What Is Transmission Fluid and How Do You Check It?

September 27th, 2017 by

Transmission Fluid

How to check your VW Jetta transmission fluid

already know engine oil is used to lubricate your engine, because metal-on-metal grinding is obviously not a good thing. We hope you also know how to check your engine oil and what to look for. Less well-known is transmission fluid, which is likewise used to lubricate your transmission system, and acts as a coolant in automatic transmissions. When researching transmission fluid, you’ll likely see “ATF” for automatic transmission fluid. This is because manual transmissions might use regular engine oil, ATF or a heavyweight hypoid gear oil. Your specific model information can be found in your owner’s manual. For now, we are focusing on how to check automatic transmission fluid in vehicles like the VW Jetta.

Why doesn’t the transmission have a dipstick?

Checking your engine oil is as simple as pulling out the dipstick, but it’s not quite as simple with your transmission fluid. This is because your transmission is a sealed unit and it’s highly recommended that you bring your vehicle in to a certified dealer to check the fluid for you. Your VW Jetta must be warmed up before you can check the fluid, and we need to lift your car and level it for an accurate measurement.

We don’t recommend checking the fluid yourself unless you know what you’re doing. You’ll need a lift, or you’ll have to jack up your Jetta from all four corners for it to be level. Checking your transmission fluid involves both removing the fill/check plug from the transmission, which you can find on the upper left-hand corner, and the drain plug, located on the lower right-hand side.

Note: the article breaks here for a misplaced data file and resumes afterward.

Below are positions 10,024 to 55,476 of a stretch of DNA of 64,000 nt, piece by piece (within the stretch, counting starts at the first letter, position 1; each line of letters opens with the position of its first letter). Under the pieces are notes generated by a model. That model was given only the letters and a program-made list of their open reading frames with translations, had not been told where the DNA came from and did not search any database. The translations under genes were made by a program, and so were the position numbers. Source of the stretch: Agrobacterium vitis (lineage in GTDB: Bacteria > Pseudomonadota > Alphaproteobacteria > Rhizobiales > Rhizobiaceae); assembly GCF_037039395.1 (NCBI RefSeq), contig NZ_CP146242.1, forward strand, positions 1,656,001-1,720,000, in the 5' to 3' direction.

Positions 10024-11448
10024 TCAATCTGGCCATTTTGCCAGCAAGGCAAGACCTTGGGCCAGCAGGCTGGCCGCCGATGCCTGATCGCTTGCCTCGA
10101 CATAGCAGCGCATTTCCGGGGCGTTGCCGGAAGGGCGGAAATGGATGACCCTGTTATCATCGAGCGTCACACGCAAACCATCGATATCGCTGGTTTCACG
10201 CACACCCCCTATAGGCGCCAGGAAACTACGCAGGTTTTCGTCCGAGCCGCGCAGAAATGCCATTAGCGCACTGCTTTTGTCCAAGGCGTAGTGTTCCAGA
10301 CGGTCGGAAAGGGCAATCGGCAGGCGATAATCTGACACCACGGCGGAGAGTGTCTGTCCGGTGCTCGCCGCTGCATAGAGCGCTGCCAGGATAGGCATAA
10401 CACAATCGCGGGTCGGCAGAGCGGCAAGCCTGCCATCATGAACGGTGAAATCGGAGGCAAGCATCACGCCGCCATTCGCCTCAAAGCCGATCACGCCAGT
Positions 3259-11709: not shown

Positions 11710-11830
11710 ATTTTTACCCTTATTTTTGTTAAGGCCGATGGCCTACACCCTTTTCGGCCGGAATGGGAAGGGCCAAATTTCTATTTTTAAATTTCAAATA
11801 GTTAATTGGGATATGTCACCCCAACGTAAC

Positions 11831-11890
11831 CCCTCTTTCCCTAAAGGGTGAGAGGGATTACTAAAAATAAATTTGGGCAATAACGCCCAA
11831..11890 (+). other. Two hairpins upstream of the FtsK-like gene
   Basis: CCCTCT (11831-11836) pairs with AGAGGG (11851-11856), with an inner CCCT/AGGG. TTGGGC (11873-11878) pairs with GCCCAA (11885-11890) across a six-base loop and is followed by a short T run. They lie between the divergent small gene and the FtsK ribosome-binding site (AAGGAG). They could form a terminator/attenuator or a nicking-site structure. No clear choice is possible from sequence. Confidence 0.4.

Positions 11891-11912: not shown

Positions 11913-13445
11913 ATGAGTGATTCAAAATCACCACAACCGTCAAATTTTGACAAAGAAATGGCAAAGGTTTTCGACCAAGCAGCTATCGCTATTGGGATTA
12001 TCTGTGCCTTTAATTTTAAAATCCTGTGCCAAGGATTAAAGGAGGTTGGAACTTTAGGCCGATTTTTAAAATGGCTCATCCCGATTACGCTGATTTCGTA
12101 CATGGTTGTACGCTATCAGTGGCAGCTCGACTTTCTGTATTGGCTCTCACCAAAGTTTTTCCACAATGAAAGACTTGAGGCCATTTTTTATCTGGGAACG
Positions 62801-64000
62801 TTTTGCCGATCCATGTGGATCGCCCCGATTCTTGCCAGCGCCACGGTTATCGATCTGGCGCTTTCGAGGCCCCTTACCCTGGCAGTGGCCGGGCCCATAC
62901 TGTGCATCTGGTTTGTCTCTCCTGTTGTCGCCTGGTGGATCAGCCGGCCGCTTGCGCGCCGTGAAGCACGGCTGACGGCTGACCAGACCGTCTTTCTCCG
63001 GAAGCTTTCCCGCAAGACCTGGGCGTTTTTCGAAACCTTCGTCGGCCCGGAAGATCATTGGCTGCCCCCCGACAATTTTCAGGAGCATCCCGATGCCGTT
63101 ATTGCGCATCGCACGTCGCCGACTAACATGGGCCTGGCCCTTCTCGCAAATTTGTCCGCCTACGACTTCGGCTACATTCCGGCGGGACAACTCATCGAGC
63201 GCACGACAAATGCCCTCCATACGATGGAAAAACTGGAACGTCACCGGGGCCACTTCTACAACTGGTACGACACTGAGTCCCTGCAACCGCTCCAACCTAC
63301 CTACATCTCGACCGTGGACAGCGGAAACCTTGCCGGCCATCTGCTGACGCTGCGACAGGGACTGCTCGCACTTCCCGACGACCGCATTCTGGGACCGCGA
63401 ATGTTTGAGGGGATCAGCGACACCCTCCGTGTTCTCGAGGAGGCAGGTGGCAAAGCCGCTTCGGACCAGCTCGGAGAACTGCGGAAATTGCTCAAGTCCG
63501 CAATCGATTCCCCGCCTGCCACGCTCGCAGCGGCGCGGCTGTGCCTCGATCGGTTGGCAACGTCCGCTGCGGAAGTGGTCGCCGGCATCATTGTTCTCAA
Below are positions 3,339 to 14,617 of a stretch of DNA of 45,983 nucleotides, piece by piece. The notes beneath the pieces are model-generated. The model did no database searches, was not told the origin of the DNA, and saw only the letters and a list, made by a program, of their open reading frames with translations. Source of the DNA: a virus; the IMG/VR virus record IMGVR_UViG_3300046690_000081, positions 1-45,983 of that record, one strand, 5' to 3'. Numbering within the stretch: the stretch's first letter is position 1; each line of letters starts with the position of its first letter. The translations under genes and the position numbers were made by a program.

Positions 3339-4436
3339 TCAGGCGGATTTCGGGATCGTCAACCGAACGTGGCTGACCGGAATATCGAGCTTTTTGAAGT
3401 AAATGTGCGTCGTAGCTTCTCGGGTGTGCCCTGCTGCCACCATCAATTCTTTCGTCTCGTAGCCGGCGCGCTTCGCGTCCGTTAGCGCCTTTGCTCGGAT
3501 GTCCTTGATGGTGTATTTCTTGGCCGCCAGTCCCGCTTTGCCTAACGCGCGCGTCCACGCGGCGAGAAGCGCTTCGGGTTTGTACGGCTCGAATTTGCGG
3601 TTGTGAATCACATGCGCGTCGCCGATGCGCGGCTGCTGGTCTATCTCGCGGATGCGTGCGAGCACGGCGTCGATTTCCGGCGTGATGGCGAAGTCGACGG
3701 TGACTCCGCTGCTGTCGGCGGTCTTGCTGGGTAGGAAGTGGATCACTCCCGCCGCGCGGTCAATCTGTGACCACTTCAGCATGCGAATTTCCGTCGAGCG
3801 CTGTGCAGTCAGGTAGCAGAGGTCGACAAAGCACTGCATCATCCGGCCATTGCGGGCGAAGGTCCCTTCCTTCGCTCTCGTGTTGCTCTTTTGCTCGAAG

If the fluid seems fine, you can replace the fill plug or fill it if things seem low. Transmission fluid should be pink and clean, and shouldn’t have a burnt smell.

Both your fill and drain plugs need to be removed with a wrench, starting with the fill/check to ensure you need to top it off or change the fluid. If your fluid seems bad, then drain the fluid into a drain pan. It’s important not only to torque a new drain plug in (reusing the old one will likely cause it to leak) but also use a hand oil pump to refill your fluid until a little leaks out.

As you can probably tell, changing your transmission fluid isn’t for everyone. If you’re unsure if it’s time to have it changed, visit us here at Kuhn VW. Also be sure to check back here at our dealership blog for more service FAQs.

Posted in Service